M. Roland and wife, occupying a residence in Paris, which was a convenient place of rendezvous, by their attractions gathered around them every evening many of the most influential members of the Assembly. They attached themselves, with all their zeal and energy, to the Girondists. Four evenings of every week, the leaders of this party met in the saloon of Madame Roland, to deliberate respecting their measures. Among them there was a young lawyer from the country, with a stupid expression of countenance, sallow complexion, and ungainly gestures, who had made himself excessively unpopular by the prosy speeches with which he was ever wearying the Assembly. He had often been floored by argument and coughed down by contempt, but he seemed alike insensible to sarcasm and to insult. Alone in the Assembly, without a friend, he attacked all parties alike, and was by all disregarded. But he possessed an indomitable energy, and unwavering fixedness of purpose, a profound contempt for luxury and wealth, and a stoical indifference to reputation and to personal indulgence, which secured to him more and more of an ascendency, until, at the name of Robespierre, all France trembled. This young man, silent and moody, appeared with others in the saloon of Madame Roland. She was struck with his singularity, and impressed with an instinctive consciousness of his peculiar genius. He was captivated by those charms of conversation in which Madame Roland was unrivaled. Silently—for he had no conversational powers—he lingered around her chair, treasured up her spontaneous tropes and metaphors, and absorbed her sentiments. He had a clear perception of the state of the times, was perhaps a sincere patriot, and had no ties of friendship, no scruples of conscience, no instincts of mercy, to turn him aside from any measures of blood or woe which might accomplish his plans.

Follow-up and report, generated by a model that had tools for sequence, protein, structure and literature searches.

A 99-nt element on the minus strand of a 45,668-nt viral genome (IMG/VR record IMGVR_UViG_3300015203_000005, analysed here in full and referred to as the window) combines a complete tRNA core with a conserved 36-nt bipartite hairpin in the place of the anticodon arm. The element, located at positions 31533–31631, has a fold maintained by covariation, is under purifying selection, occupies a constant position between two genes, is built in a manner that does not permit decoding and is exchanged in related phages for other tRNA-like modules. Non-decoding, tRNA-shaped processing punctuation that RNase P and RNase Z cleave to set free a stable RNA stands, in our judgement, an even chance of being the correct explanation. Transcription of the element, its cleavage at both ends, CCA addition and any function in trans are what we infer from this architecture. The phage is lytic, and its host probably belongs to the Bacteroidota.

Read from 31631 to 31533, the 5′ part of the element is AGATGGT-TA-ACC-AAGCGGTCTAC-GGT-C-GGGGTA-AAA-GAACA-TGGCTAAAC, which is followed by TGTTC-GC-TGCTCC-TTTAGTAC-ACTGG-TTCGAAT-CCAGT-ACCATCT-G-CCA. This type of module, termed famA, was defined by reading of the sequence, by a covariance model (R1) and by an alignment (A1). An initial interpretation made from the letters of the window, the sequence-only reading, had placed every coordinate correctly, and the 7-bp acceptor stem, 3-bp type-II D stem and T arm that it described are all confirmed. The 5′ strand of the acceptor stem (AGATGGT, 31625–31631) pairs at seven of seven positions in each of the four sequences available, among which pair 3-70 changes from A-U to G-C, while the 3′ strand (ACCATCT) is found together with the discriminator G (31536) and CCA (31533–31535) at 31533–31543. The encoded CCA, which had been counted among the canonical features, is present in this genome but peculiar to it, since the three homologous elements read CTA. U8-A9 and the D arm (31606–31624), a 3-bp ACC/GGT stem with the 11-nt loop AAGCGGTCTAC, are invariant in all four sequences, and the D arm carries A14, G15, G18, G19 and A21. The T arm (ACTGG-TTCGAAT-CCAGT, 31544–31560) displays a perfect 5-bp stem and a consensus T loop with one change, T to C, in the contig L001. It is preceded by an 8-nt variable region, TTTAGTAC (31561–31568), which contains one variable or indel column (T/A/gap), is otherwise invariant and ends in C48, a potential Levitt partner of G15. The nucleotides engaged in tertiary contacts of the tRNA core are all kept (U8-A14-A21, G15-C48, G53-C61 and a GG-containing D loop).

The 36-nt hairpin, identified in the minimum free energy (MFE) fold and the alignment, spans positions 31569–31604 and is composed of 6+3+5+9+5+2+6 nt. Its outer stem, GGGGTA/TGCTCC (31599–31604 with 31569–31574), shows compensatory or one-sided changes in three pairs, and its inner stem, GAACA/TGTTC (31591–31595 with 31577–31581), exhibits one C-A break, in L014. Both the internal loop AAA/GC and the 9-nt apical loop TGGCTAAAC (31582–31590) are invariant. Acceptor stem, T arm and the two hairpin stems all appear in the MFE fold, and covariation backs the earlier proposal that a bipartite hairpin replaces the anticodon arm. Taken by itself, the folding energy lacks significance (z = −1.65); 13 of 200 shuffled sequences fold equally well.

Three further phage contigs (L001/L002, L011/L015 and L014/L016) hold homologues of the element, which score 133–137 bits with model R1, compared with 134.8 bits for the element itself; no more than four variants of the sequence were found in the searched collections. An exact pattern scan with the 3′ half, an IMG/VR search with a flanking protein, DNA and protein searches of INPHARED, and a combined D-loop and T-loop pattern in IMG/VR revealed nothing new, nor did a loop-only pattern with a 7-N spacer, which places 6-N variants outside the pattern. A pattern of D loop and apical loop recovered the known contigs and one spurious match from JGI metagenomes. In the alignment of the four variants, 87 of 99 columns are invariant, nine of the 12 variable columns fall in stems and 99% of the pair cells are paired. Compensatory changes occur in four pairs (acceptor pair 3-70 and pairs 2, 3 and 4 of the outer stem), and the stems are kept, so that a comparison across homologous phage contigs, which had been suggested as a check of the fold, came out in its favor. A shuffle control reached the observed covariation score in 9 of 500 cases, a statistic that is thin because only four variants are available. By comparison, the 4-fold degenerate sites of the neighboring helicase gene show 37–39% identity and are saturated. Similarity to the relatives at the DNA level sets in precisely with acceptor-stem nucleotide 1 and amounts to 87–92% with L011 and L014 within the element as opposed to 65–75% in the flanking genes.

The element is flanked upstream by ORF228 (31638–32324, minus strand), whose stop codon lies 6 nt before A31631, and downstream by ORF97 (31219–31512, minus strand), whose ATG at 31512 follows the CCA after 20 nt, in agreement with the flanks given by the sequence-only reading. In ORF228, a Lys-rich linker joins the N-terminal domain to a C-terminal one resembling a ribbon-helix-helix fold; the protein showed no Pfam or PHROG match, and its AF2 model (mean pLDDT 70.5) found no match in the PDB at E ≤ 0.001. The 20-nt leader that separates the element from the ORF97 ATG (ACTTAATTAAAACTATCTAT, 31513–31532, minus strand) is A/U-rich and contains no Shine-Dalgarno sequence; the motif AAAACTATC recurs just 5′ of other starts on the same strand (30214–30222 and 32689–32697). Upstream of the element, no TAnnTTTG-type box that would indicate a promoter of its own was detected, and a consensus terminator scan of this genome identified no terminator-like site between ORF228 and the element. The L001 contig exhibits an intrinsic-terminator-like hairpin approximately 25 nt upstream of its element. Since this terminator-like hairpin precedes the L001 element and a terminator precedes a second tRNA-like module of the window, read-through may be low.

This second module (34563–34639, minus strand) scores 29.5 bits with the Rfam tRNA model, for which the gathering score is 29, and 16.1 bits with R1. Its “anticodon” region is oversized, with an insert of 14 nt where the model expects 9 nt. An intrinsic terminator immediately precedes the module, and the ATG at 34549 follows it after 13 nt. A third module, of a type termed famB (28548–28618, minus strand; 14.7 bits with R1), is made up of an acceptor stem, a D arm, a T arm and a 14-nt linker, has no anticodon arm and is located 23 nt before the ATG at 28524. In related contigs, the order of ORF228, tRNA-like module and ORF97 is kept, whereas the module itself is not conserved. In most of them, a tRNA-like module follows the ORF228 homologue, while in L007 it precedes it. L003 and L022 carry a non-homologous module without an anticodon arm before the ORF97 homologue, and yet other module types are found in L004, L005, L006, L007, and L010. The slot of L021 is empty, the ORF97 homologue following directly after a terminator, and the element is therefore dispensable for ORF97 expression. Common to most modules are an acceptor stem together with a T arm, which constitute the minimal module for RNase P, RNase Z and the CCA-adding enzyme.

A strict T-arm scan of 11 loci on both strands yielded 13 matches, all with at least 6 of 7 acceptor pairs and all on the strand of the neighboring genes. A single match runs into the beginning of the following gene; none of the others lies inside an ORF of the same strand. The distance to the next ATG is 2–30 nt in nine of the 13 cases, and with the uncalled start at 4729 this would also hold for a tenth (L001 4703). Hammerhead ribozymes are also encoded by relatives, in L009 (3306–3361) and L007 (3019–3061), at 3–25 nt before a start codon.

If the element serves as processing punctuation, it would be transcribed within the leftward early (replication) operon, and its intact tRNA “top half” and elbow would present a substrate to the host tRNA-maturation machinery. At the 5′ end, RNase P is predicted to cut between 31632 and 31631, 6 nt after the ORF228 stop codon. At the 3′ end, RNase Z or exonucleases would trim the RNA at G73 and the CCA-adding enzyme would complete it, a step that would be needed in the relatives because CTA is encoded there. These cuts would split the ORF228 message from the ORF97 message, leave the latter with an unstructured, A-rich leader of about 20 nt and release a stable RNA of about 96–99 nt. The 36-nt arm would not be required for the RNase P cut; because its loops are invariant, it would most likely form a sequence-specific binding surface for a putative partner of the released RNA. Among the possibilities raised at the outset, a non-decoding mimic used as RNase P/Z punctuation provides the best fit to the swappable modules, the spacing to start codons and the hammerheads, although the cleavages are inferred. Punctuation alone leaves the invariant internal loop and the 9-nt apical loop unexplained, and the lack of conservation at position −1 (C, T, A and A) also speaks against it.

Though the Girondists and the Jacobins were the two great parties now contending in the tumultuous arena of French revolution, there still remained the enfeebled and broken remains of the court party, with their insulted and humiliated king at their head, and also numerous cliques and minor divisions of those struggling for power. At the political evening reunions in the saloon of Madame Roland, she was invariably present, not as a prominent actor in the scenes, taking a conspicuous part in the social debates, but as a quiet and modest lady, of well-known intellectual supremacy, whose active mind took the liveliest interest in the agitations of the hour. The influence she exerted was the polished, refined, attractive influence of an accomplished woman, who moved in her own appropriate sphere. She made no Amazonian speeches. She mingled not with men in the clamor of debate. With an invisible hand she gently and winningly touched the springs of action in other hearts. With feminine conversational eloquence, she threw out sagacious suggestions, which others eagerly adopted, and advocated, and carried into vigorous execution. She did no violence to that delicacy of perception which is woman's tower and strength. She moved not from that sphere where woman reigns so resistlessly, and dreamed not of laying aside the graceful and polished weapons of her own sex, to grasp the heavier and coarser armor of man, which no woman can wield. By such an endeavor, one does but excite the repugnance of all except the unfortunate few, who can see no peculiar sacredness in woman's person, mind, or heart.